Wizards Reward For Best Week: Brutal Schedule

The Wizards just had their best week of the season, going 3-1 and seeing PG John Wall receive the NBA’s Player of the Week award. Their reward? Four games in five nights with travel between each of the games. Yikes!

The uptick in Wall’s production was as welcome as it was abrupt. His shooting had been atrocious, but became deadly, and he continued doing a first-rate job of finding teammates for open shots at the basket. His play was similar in quality to his transcendent March — when he performed like one of the game’s top five players.

In other good news for the team, Wall wasn’t the only player who improved. Martell Webster enjoyed his return to the starting lineup, and Marcin Gortat and Nene also seemed to settle into their roles. Bradley Beal boosted his production a bit as well, though the youngster still has a ways to go.

The upcoming week will be a challenge for the depth-starved Wizards. They have the makings for a solid top seven, but everything after that remains a major question mark.

Here’s the weekly Player Production Average (PPA) update. PPA is a player rating stat I put together that credits players for things they do that contribute to winning and debits them for things that hurt the cause (each in regression-analyzed proper proportion). PPA includes defense, is pace-adjusted, and incorporates a “degree of difficulty” factor based on the strength of the opposing lineup. In PPA, 100 = average, higher is better, and replacement level is 45.

John Wall 13 37.8 111 158
Martell Webster 13 31.4 110 144
Marcin Gortat 13 33.5 116 139
Nene Hilario 11 32.5 118 127
Trevor Ariza 8 35.1 123 123
Trevor Booker 8 12.6 110 102
Bradley Beal 13 40.2 71 82
Jan Vesely 7 17.3 95 81
Eric Maynor 12 10.4 66 50
Al Harrington 7 18.6 6 7
Glen Rice 5 6.8 -5 -5
Garrett Temple 11 9.2 -36 -18
Kevin Seraphin 10 8.7 -33 -39

As Captain Obvious said, “The bench remains a major weakness.” Jan Vesely’s effectiveness declined as his playing time increased. Trevor Booker’s individual numbers are good, but the defense is a catastrophic failure thus far when he’s on the floor. Al Harrington was awful before he sat with knee trouble. Kevin Seraphin has been even worse than last season — and last season he was the league’s least productive center.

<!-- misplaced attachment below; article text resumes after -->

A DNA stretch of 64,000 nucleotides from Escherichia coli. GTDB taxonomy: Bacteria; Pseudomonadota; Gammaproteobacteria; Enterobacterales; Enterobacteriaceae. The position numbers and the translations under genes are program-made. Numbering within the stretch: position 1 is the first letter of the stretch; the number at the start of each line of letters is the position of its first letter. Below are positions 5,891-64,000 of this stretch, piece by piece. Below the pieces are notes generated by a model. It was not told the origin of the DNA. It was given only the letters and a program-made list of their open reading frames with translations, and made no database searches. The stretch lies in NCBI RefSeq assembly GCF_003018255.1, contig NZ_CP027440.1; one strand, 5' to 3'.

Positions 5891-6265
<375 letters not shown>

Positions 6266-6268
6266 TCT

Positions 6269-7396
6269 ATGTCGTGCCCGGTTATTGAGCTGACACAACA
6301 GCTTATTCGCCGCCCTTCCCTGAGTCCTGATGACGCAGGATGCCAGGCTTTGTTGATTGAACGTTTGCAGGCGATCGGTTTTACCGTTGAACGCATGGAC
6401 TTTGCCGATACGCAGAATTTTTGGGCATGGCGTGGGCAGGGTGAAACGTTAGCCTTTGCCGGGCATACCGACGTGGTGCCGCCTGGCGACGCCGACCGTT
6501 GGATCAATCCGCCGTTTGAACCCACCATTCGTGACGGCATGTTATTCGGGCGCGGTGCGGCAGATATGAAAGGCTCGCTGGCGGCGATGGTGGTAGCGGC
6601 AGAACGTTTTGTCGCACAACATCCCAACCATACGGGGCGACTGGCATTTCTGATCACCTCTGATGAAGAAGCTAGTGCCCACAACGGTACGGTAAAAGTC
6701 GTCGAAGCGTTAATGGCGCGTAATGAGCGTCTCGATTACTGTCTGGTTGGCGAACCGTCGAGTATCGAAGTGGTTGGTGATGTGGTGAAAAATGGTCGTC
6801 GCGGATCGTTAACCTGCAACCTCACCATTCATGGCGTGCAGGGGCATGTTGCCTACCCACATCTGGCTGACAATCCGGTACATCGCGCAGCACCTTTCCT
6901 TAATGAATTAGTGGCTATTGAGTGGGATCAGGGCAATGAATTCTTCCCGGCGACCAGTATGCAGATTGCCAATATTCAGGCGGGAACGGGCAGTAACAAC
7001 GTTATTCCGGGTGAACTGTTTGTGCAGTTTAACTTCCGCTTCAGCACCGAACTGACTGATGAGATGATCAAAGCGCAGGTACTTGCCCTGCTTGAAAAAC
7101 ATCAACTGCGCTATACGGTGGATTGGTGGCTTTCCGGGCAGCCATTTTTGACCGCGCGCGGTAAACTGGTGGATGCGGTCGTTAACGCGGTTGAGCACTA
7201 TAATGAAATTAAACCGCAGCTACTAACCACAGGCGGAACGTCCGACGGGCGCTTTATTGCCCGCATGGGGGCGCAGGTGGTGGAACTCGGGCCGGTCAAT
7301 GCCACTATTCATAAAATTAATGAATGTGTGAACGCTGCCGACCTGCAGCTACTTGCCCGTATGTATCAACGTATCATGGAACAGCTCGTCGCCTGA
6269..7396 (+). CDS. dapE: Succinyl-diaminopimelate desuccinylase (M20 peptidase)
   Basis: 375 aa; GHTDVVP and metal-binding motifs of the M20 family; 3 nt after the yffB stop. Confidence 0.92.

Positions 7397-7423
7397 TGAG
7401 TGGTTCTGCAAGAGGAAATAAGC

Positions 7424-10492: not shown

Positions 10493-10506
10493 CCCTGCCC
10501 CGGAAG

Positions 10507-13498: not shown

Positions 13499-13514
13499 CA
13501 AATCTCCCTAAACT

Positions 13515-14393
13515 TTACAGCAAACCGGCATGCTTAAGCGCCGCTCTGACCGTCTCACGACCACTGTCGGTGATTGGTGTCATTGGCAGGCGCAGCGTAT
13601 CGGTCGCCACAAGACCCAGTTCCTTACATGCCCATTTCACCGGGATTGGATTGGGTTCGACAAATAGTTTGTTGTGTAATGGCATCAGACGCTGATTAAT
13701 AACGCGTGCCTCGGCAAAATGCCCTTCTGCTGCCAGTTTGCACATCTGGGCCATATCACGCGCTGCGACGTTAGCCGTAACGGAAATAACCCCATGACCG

Guard depth is scary as well. Eric Maynor is drawing ire for his crummy play, but what he’s doing is exactly what fans should have expected from him. His PPA this season: 50. His career PPA before this season: 49. His peak PPA for a season was 57. This is his normal level of play. What’s scary: Temple has been worse.

For now, I don’t envy the options head coach Randy Wittman has. The team desperately needs at least two someones from the bench to step up production — one big and one guard. Unfortunately, the roster assembled by Ernie Grunfeld isn’t jammed with “good bets” on a guy or two who might suddenly start playing better.

I’ve been suggesting since offseason that the team’s best option for depth may be to use SF Trevor Ariza at PF (as a stretch four), especially if injured rookie Otto Porter can give them productive minutes at SF. Ariza is likely to be more productive as an S4 than Harrington has been, and he may provide the opposition with challenging match-ups at that spot.

No matter how I look at the various lineup permutations, the team’s rotation is skimpy — at best. With reasonable health for its rotation, the Wizards should be a playoff team. Lose anyone from the top seven or eight, and the playoffs are dicier, even in the East. And, I don’t think can sustain an extended absence from Wall, Nene or Gortat, however.


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